Lewis connected the young undergraduate student with Phillip Duncan, M.D., a Richmond cardiologist who had recently joined VCU Health. Duncan hired Elmahdi as a medical assistant, where he learned how to take vital signs and record health data. Duncan was impressed with Elmahdi, saying he has a great combination of concentration and compassion.
“He is extremely bright,” Duncan said. “At the same time, he was extremely humble and very, very personable. The patients liked him because of his manner. He is gentle but focused.”
Working with Duncan was a real turning point, Elmahdi says. He was around another Black physician and saw that he enjoyed working in medicine.
“It got me some great exposure and some great connections.” Elmahdi said.
At the same time, Elmahdi built up relationships through Black Men in Medicine. The group was helping Black students understand the challenge of applying for medical school. Elmahdi said it was nice to have a space to talk about what it’s like being the only Black person in a pre-med class.
“The point of the group was to have people who have similar interests and similar backgrounds and similar day-to-day lives and struggles,” Elmahdi said. “We came together to talk about these things.”
The path away from Richmond leads student back to VCU
Elmahdi graduated from VCU’s College of Humanities and Sciences with a B.S. in Biology and a B.S. in Psychology in 2017 and entered the one-year Premedical Graduate Health Sciences Certificate program from the VCU School of Medicine, graduating in 2018. With a letter of recommendation from Duncan in hand, Elmahdi applied to medical programs at VCU School of Medicine and several other schools. In the end, Eastern Virginia Medical School was the only school that accepted him. While he was disappointed VCU did not accept him, he was excited to continue his education at EVMS.
In the end, Elmahdi believes it was the right choice. At EVMS, he connected with a whole new set of people and was exposed to areas of the medical profession that broadened his outlook.
He began to explore the possibility of a career in the field of gastroenterology, which is a specialization in disorders and diseases that affect the digestive system.
While his dad had suffered a heart attack, his mother suffered from digestive issues and saw a gastroenterologist, also known as a GI doctor. The doctor helped her address the challenges that she faced, and Elmahdi thought he could do the same.
Elmahdi had also leaned into his mother in other ways during his medical school journey. His mother is a doctor and he had often asked her for advice about being a doctor.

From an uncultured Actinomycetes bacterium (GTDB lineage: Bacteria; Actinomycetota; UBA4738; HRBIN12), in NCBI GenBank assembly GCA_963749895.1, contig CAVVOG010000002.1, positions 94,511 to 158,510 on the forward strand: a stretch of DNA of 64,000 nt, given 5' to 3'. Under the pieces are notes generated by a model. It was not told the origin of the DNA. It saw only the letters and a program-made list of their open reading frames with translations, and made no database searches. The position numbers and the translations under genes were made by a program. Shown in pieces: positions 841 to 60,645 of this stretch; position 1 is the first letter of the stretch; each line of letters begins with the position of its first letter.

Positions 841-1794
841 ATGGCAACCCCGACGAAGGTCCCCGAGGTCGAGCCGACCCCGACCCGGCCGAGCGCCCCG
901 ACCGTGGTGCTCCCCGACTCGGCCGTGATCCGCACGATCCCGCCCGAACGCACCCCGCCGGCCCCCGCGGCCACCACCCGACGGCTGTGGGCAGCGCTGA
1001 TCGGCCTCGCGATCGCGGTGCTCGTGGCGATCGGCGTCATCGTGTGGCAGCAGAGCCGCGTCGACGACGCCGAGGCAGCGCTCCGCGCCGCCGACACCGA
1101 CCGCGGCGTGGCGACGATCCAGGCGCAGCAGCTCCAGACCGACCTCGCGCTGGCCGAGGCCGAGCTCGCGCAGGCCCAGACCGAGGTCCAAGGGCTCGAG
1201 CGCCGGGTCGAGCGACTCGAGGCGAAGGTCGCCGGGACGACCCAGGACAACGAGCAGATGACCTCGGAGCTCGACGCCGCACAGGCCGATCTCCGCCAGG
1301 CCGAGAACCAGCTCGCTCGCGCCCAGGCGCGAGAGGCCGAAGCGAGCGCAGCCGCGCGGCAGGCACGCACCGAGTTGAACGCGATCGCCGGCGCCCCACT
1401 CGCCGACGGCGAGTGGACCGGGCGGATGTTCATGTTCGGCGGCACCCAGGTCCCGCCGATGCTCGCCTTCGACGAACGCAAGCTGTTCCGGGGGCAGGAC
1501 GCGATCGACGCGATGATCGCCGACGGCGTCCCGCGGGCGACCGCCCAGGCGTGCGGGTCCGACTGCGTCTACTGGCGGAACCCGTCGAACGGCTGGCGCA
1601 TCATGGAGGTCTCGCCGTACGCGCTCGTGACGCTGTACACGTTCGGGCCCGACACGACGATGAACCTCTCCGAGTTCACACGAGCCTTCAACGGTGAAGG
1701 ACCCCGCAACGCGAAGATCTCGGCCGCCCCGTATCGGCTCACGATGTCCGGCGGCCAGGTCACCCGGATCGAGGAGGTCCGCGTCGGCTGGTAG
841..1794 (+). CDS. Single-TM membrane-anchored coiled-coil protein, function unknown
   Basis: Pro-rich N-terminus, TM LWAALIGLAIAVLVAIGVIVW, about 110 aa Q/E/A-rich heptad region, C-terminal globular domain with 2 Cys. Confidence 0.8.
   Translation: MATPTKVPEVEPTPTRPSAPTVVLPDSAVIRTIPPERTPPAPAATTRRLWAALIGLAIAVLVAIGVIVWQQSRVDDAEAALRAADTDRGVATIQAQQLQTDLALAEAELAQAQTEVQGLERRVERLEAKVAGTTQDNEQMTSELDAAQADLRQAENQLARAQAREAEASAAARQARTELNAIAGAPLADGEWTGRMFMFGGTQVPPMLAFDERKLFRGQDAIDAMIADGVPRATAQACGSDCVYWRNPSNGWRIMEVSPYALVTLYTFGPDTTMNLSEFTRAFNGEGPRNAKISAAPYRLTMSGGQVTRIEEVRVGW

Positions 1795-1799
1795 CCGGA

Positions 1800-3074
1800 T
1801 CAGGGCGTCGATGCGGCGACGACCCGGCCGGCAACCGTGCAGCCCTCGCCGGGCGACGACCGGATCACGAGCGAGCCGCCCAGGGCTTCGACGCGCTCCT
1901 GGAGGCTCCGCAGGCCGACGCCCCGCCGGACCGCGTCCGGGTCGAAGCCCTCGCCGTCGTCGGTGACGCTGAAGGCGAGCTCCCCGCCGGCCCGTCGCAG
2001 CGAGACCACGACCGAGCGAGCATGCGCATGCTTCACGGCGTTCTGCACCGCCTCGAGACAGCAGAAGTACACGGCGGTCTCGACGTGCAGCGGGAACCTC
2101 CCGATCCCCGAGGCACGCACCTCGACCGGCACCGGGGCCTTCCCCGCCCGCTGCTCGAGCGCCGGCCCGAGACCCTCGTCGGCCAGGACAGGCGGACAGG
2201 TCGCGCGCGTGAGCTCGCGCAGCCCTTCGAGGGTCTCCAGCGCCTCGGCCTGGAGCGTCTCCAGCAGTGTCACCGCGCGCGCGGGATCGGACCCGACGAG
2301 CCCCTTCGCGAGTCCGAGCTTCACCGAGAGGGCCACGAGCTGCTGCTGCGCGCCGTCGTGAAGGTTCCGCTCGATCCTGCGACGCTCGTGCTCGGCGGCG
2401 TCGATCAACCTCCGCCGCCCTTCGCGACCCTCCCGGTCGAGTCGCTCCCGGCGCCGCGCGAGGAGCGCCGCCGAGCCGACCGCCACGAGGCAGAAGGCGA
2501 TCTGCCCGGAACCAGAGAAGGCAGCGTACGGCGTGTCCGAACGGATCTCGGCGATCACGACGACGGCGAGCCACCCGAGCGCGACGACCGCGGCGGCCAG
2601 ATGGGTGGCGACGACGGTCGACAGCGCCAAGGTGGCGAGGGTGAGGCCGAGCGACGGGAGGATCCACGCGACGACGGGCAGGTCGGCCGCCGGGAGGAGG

“I have the privilege of being able to talk to her about it,” he said. “I wasn’t going in completely blind.”
When Elmahdi neared graduation from medical school, VCU was on his radar when he began applying for residency programs. After sending applications to about two dozen schools, he eventually learned that he was accepted to VCU. Since last June, he has been doing rotations at VCU Health and other medical facilities around Richmond.
“If I had gotten into VCU for medical school, I would have gone here,” Elmahdi said “That is why I came back for residency. I love it here, but I am very glad that I ended up in Norfolk, because I met some great people.”
Reflecting on growth and gratitude
It has been amazing for Duncan and Lewis to see Elmahdi grow and thrive over the years, transforming from a young college student with a vague sense about going to medical school to providing care to patients back where his journey started.
“For him to be a Black man to match with internal medicine at VCU and be a part of a program that helped him get there is an amazing VCU story,” Lewis said.
Duncan has seen Elmahdi around the campus and has watched him work. He knows that his former mentee will be a good doctor.
Lewis said Elmahdi is able to build a strong rapport with many patients. As a Black doctor, the patients see someone who "looks like them."
“I wasn’t surprised he wanted to come back,” Lewis said. “He’s had a lot of mentors and experiences here. I was excited that he wanted to come back.”
Elmahdi credits the doors of medical school being open to him with the support of Lewis and Black Men in Medicine.
“I give Henry all the credit in the world for helping me get to where I am today,” he said. “He [and Black Men in Medicine] played a huge part.”